To assume that a left-leaning progressive Democrat will not get support from independents is not justified given past experience. For example, before Barack Obama no one in the country really believed an African-American would be elected president, but Obama broke that myth. The Iowa state that Trump won in 2016, Obama had won before, so winning Iowa increases the likelihood of winning the presidency.

In the national polls for the Democratic nomination, Joe Biden still holds sway over Bernie, with 32 percent against Bernie’s 22 percent. So polls at the first primary state Iowa and the national level show that the Democratic field is not an open contest, but has emerged as a contest between Biden and Bernie. It should not surprise anyone that until the Democratic convention in July, the target of criticism for the Democratic establishment will not be Donald Trump but Bernie Sanders.

If one reviews the past one week’s analysis of the Iowa primary, mainstream media does not seem relieved at Bernie’s rise, rather they call it ‘panic among the Democrats’. Hillary Clinton went one step further, saying of Bernie: “No one likes him”; within days she had to walk away from her comments. Twitter feeds were flooded with pro-Bernie tweets.

There is a mountain of evidence now that the Democratic National Committee (DNC) rigged the primaries against Bernie. It is now on record that Hillary’s campaign was funded from DNC accounts; Bernie did not get DNC funds. It was his grace that he did not blame the DNC and Hillary because he knew what was at stake – the future of American democracy.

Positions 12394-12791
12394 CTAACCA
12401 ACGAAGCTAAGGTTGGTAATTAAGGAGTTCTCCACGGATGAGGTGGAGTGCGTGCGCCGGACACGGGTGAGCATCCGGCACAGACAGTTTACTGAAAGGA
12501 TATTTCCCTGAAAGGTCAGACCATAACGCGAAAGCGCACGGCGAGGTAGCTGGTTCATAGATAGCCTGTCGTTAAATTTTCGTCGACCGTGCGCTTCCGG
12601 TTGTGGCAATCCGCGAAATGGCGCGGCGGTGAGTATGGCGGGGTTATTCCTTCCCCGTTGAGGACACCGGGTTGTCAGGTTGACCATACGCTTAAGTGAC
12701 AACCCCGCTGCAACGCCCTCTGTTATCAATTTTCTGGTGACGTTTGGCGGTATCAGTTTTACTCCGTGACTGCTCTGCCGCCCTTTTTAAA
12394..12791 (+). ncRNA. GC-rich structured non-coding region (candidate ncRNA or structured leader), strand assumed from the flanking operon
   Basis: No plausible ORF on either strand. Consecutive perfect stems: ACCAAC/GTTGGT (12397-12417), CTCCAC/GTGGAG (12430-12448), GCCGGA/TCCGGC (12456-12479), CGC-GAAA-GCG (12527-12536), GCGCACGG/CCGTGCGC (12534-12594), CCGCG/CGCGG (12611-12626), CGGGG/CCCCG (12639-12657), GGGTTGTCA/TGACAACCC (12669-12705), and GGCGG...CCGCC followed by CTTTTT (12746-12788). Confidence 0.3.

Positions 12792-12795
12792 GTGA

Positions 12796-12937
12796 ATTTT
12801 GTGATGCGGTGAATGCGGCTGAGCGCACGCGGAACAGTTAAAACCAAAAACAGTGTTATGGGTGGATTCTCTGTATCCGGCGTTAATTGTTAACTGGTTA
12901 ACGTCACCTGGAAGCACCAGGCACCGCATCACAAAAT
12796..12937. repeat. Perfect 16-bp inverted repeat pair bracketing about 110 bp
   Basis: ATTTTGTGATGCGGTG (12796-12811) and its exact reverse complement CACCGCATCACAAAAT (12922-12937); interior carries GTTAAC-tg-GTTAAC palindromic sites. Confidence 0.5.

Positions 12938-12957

Having been a senator since 2007, Bernie understands well American power politics; but he does not play foul, he does not build his case and candidacy on the weakness of his rival, the way recently his progressive rival Elizabeth Warren did during a debate in Iowa. The only time Bernie resorted to criticism publicly against Elizabeth Warren was when an anchor asked him to withdraw his nomination as there are now young candidates furthering his progressive agenda (Senator Warren was in reference). Bernie’s reply was: “but she is a capitalist, I am a democratic socialist; she is not against capitalism, I am”.